Screening for Endocrine Hypertension

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Pheochromocytoma is a condition in which there is secretion of excess catecholamines, epinephrine, norepinephrine, and dopamine due to a tumor of the adrenal medulla.21 This is a rare disease and accounts for only 0.2% to 0.6% of all causes of hypertension.22 Hypertension (persistent or paroxysmal) is the most common finding for patients with pheochromocy­toma, with 80% to 90% presenting with this finding.23 It is important to note that approximately 10% of these patients will be normotensive. Three of the condition’s classic symptoms are headache, sweating, and palpitations.24 Additional symptoms include anxiety, sense of impending doom, fever, nausea, or vomiting.21

If left untreated, there is risk for hypertensive retinopathy, nephropathy, myocardial infarction, stroke from cerebral infarction, intracranial hemorrhage, or embolism.25 Due to the high rate of morbidity and mortality with untreated pheochromocytoma, laboratory testing should be initiated immediately upon suspicion of this diagnosis or if the patient has relevant family history.11

Patients should be screened for pheochromocytoma if they have ≥ 1 of the following factors:

  1. Resistant hypertension and hyperadrenergic symptoms (palpitations, perspiration, pallor, or headache)
  2. Family history of pheochromocytoma
  3. Any genetic syndrome with a known association to pheochromocytoma
  4. An adrenal mass that is > 4 cm, is cystic, or has hemorrhagic changes.19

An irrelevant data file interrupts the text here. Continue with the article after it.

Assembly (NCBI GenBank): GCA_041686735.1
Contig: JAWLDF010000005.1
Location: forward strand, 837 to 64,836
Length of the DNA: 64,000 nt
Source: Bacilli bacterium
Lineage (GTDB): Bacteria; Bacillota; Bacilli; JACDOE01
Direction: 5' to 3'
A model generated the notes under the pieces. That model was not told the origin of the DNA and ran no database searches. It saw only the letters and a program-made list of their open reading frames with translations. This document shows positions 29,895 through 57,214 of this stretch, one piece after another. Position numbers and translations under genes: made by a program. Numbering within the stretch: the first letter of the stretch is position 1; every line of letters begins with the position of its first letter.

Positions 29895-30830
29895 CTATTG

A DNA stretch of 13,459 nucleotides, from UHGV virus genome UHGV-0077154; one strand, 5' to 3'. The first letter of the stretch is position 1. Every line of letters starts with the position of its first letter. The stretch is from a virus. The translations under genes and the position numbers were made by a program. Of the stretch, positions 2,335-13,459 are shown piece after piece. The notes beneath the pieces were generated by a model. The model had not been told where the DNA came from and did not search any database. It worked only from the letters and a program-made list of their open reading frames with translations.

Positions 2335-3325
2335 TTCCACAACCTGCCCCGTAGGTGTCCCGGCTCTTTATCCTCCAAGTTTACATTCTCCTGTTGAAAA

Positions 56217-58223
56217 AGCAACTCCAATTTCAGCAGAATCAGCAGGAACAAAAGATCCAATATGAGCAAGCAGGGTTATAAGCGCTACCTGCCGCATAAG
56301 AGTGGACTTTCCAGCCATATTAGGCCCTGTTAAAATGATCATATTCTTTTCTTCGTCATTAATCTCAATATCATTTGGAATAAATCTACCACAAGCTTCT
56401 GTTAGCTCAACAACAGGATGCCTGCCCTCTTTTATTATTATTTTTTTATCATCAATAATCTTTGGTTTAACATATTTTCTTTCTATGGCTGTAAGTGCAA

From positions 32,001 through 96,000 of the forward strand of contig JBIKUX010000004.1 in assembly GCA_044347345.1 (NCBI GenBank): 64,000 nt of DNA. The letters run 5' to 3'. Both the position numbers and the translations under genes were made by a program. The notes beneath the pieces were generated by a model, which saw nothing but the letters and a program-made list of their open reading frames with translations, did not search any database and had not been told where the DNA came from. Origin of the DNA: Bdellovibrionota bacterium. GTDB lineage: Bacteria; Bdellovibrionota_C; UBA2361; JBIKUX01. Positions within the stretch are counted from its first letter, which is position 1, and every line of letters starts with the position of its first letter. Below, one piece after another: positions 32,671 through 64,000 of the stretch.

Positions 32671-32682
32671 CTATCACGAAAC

Pheochromocytoma is diagnosed by identifying high concentrations of plasma-free metanephrines or 24-hour fractionated metanephrines and catecholamines. Some medications can interfere with the accuracy of lab results and therefore may need to be temporarily stopped; it is important to check the specific lab guidelines and review the patient’s medication lists before tests are ordered and conducted.25


Although the causes of endocrine-related hypertension are very rare, screening for endocrine hypertension in patients who present with signs and symptoms of these conditions can greatly improve their lives. The endocrine disorders discussed in this article can be treated or controlled with appropriate diagnosis and treatment. In addition, resolving uncontrolled hypertension by addressing endocrine disorders can reduce the risk for long-term sequelae. It is important for clinicians to consider referral to an endocrine specialist if a patient has endocrine-related hypertension. In particular, patients with pheochromocytoma require quick referral due to a risk for high morbidity and mortality if left untreated.11

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